Louisiana Legislature Convening Date, Amendment 1 (October 2010)
|I • II • III • IV • V • VI • VII • VIII • IX • X • XI • XII • XIII • XIV|
The measure proposed moving the convening date of the state legislature in even numbered years to the second Monday in March and in odd years to the second Monday in April. The effective date was January 1, 2012.
|Louisiana Amendment 1 (October 2010)|
Text of measure
The ballot text read as follows:
To move the convening of the legislature in annual regular session in even numbered years to the second Monday in March and in odd-numbered years to the second Monday in April and to change the effective date of legislation enacted at such sessions to August first. (Effective January 1, 2012.) (Amends Article III, Sections (A)(3)(a) and (4)(a) and 19)
Legislatures in support of the measure noted that only Florida started their legislative session as late as March, most states began in January. They argued that convening earlier just made the session more efficient. According to the proposal the Legislature would still be in session the same amount of days. The measure also made it so that laws went into effect the 1st of August, instead of the current date the 15th of August.
Opposition to the measure noted that it should not take a constitutional amendment in order for legislature to end the session too late.
Media editorial positions
- The Times-Picayune supported Amendment 1. In an editorial, the board said, "Sen. Neil Riser, R-Columbia, hoped to have the Legislature start its sessions in January to allow for better management of the state budget, which goes into effect on July 1 each year...The senator only got legislators to agree to move the opening date up by a couple of weeks, but the change still makes sense. It would at least provide a little more time for implementing the budget."
- The Louisiana Weekly was in favor of this measure because it would make it easier for the state departments to know if there will be changes in their budgets prior to funds being needed.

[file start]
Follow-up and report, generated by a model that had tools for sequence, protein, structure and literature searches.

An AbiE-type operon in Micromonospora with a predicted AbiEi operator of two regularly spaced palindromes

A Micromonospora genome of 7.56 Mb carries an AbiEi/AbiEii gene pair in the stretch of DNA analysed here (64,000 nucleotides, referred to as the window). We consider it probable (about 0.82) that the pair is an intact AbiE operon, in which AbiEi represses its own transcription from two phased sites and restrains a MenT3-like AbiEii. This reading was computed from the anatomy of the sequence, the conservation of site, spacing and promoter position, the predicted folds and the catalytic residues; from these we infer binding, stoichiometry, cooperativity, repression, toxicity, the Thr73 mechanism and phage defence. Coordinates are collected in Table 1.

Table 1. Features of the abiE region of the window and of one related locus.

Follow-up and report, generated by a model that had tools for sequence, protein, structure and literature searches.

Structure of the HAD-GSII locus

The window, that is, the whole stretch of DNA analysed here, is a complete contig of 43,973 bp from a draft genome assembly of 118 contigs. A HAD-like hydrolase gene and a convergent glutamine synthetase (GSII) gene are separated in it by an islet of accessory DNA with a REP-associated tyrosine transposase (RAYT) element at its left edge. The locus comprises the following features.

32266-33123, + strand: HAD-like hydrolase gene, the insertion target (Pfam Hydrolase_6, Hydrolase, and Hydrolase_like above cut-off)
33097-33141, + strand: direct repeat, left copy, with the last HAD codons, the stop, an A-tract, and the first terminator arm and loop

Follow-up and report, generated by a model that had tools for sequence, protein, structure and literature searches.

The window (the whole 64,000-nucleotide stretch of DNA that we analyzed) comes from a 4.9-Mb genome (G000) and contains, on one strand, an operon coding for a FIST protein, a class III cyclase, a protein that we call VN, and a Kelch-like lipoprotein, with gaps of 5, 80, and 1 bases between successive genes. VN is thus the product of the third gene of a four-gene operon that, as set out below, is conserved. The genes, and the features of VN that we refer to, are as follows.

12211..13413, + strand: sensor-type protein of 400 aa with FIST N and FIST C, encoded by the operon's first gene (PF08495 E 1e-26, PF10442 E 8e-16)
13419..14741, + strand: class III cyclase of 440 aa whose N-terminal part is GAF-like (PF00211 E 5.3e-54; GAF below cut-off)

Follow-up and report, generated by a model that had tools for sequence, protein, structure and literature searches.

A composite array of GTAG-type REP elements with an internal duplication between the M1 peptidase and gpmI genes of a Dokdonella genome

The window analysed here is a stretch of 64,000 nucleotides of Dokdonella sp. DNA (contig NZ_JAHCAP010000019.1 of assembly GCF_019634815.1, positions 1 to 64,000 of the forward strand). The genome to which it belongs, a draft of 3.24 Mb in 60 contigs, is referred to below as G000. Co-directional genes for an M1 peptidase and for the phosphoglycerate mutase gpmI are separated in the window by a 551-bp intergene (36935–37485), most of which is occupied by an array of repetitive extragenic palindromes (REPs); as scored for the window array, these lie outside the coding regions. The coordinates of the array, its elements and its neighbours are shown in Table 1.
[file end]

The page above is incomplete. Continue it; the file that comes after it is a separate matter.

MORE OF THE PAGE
- The Shreveport Times was also in favor because they said often legislative session went until the end of June and like others felt it was too close to the next fiscal year to be effective for government agencies.
- The Town Talk was against this measure because they said they felt that lawmakers should finish earlier without making amendments to the constitution.
Path to the ballot
In order to qualify for the ballot the proposed measure required the approval of 2/3rds of the members of both houses of the Louisiana State Legislature.
- Louisiana votes, both Amendments approved
- Louisiana early voting ends, state gears up for October 2 election
- Public Affairs Research Council of Louisiana, Guide To The Constitutional Amendments
- Louisiana Constitutional Amendments for consideration in 2010
- Senate Bill 5, full text
- Louisiana Legislature, "Senate Bill NO. 5," accessed August 20, 2010
- Louisiana Legislature, "Election 2010 constitutional amendments," accessed May 7, 2010
- Louisiana Election Results
- The Times-Picayune, "Two amendments to state Constitution will be on Oct. 2 ballot," September 17, 2010
- The Town Talk, "Our View: No need for 2 amendments to La. Constitution," September 29, 2010
- The Times-Picayune, "Times-Picayune recommendation on Constitutional amendments in Oct. 2 ballot: An editorial," September 20, 2010
- The Louisiana Weekly, "Saturday, October 2 Endorsements," September 27, 2010
- Shreveport Times, "Editorial: Vote for two state amendments Oct. 2," September 25, 2010
State of Louisiana
Baton Rouge (capital)
|State executive officers||
Governor | Lieutenant Governor | Attorney General | Secretary of State | State Treasurer | Superintendent of Education | Commissioner of Insurance | Commissioner of Agriculture and Forestry | Secretary of Natural Resources | Executive Director of the Workforce Commission | Chairman of Public Service Commission |